Just a little link dump on what I feel I should recommend among my readings and watchings today.
Today’s Democrats are nothing like Presidents Roosevelt, Truman and Kennedy, who with courage and decisive action kept on top of their jobs and aggressively confronted one national defense crisis after another.
Jimmy Carter, elected during the Cold War with the Soviet Union, and (1) believing Americans had an inordinate fear of communism, (2) lifted U.S. citizens’ travel bans to Cuba, North Korea, Vietnam and Cambodia and (3) pardoned draft evaders.
Only 94 more to go as the column begins chronicling the ways in which the modern Democrats suffer in comparison to their historical predecessors, fine figures that I may have had domestic disagreements with but showed major spine on the international stage on our country’s behalf. Hat tip to Hyscience.
There is no doubt about Americansâ€™ patriotism. We consistently score higher than other countries on polls gauging how patriotic citizens are. We see this every Fourth of July as Americans proudly display the flag and sing the national anthem and watch fireworks.
However, there are some who are weary of our patriotism and they are not shy about telling us so. Howard Zinn, the leftist historian, advised us on the Fourth to “put away our flags” and to renounce “nationalism.” Mark Kurlansky, a popular historian, wrote how he was sick and tired of the Founding Fathers. Natalie Maines of the Dixie Chicks opined that she just didnâ€™t “understand the necessity for patriotism.”
I myself have no discomfort in questioning the patriotism — or wisdom and common sense, for that matter — of many of my fellow Americans on the far left. Hat tip to Wizbang!‘s Lorie Byrd, who receives a prominent plug in the piece.
There are innumerable positives in the Military Commissions Act of 2006, the new law on the treatment of enemy combatants that President Bush will soon sign. Among the best is Congressâ€™s refusal to grant habeas-corpus rights to alien terrorists. After all, the terrorists already have them.
That the critique on this entirely appropriate measure has been dead wrong is given away by its full-throated hysteria. Typical was Richard Epstein, a distinguished constitutional law professor at the University of Chicago, who admonished the Senate Judiciary Committee that the Bush administration and a compliant Republican Congress were unconstitutionally â€œsuspend[ing]â€ the great writ. The New York Times editorial board, in its signature hyperbole, railed that â€œ[d]etainees in U.S. military prisons would lose the basic right to challenge their imprisonment.â€ What bunkum.
First, Congress cannot â€œsuspendâ€ habeas corpus by denying it to people who have no right to it in the first place.
Quite right. It should also be noted that the overwhelming bulk of the detainees in question should not legally fall under the domain of any protections based upon the Geneva accords to which the United States is actually a signatory. In other words, both under domestic and international law, screw ‘em. Hat tip to Raven at And Rightly So.
The first Western Enlightenment of the Greek fifth-century B.C. sought to explain natural phenomena through reason rather than superstition alone. Ethics were to be discussed in the realm of logic as well as religion. Much of what Pythagoras, Socrates, Plato, and the Sophists thought may today seem self-evident, if not at times nonsensical. But that century was the beginning of the uniquely Western attempt to bring to the human experience empiricism, self-criticism, irony, and tolerance in thinking.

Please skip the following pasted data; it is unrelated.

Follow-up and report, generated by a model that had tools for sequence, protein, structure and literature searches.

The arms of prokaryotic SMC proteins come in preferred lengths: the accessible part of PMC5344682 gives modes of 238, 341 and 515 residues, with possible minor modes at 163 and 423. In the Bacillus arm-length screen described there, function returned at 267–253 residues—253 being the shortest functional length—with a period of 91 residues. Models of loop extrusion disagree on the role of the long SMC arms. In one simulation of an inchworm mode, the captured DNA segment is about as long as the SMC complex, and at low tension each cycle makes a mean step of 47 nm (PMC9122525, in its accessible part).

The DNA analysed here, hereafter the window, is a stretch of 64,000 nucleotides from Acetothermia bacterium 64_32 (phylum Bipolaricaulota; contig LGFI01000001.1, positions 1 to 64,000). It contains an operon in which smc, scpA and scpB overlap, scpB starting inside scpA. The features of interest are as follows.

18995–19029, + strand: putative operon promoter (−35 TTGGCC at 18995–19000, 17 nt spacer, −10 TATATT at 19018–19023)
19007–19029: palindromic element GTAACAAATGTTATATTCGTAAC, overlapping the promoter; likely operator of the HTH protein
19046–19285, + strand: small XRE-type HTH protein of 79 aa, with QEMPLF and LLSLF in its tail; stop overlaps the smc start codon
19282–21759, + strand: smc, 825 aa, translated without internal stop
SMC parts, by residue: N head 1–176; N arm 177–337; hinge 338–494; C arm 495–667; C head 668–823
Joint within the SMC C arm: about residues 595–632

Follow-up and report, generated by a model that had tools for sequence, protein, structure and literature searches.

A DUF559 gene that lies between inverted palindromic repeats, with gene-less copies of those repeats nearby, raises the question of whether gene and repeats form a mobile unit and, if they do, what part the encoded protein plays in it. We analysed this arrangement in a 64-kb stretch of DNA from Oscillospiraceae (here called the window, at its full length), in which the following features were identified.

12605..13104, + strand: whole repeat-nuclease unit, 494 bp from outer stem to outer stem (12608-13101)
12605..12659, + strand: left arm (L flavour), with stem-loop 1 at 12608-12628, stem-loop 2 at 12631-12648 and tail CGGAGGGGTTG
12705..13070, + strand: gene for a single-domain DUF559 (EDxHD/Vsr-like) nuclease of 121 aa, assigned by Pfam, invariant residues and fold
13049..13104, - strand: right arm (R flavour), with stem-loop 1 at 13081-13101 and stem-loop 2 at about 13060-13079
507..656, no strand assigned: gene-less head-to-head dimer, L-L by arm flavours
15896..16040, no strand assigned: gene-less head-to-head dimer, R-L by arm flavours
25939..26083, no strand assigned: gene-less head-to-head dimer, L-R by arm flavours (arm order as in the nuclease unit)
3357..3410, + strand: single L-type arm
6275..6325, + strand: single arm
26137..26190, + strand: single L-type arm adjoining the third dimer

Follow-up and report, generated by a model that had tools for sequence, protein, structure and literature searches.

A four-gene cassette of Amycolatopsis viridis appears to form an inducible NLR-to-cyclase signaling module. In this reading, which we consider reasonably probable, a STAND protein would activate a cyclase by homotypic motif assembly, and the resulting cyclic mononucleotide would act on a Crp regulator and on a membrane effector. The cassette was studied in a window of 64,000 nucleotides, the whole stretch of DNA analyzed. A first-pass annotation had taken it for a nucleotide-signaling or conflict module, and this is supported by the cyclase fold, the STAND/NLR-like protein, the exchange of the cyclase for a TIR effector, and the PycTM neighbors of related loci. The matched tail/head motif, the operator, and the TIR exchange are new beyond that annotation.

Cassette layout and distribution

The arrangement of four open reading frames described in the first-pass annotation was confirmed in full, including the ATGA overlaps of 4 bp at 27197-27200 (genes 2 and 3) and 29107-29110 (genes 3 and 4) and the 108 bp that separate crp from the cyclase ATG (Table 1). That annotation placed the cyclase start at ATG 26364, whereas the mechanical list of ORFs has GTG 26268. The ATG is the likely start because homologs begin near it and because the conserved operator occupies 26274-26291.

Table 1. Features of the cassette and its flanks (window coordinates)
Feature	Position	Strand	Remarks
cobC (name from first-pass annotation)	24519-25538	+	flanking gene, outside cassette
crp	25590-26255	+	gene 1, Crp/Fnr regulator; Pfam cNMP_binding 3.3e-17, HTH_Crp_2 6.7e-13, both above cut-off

The second European Enlightenment of the late 18th century followed from the earlier spirit of the Renaissance. For all the excesses and arrogance in its thinking that pure reason might itself dethrone religion â€” as if science could explain all the mysteries of the human condition â€” the Enlightenment nevertheless established the Western blueprint for a humane and ordered society.
But now all that hard-won effort of some 2,500 years is at risk. The new enemies of Reason are not the enraged democrats who executed Socrates, the Christian zealots who persecuted philosophers of heliocentricity, or the Nazis who burned books. No, they are a pampered and scared Western public that caves to barbarism â€” dwarves who sit on the shoulders of dead giants, and believe that their present exalted position is somehow related to their own cowardly sense of accommodation.
What would a Socrates, Galileo, Descartes, or Locke believe of the present decay in Europe â€” that all their bold and courageous thinking, won at such a great cost, would have devolved into such cheap surrender to fanaticism?
Victor Davis Hanson is greatness once again, this time turning his guns on the Euro left and their current betrayal of the virtues of historical liberalism. Hat tip to Rightwingsparkle.
Dovetailing nicely with the above VDH piece is a video in four parts from Britainâ€™s Channel Five. So far I’ve only watched the first part but will catch the rest shortly. Already the piece does an excellent job of pointing out pointing out a wealth of historical hypocrisy coming from the Euro and global left, and I feel I can already label it as a must-see. Maybe it’s not a case of “know thy enemy,” but it certainly appears to be a case of “know those among you who play quite useful idiots for thy enemy.”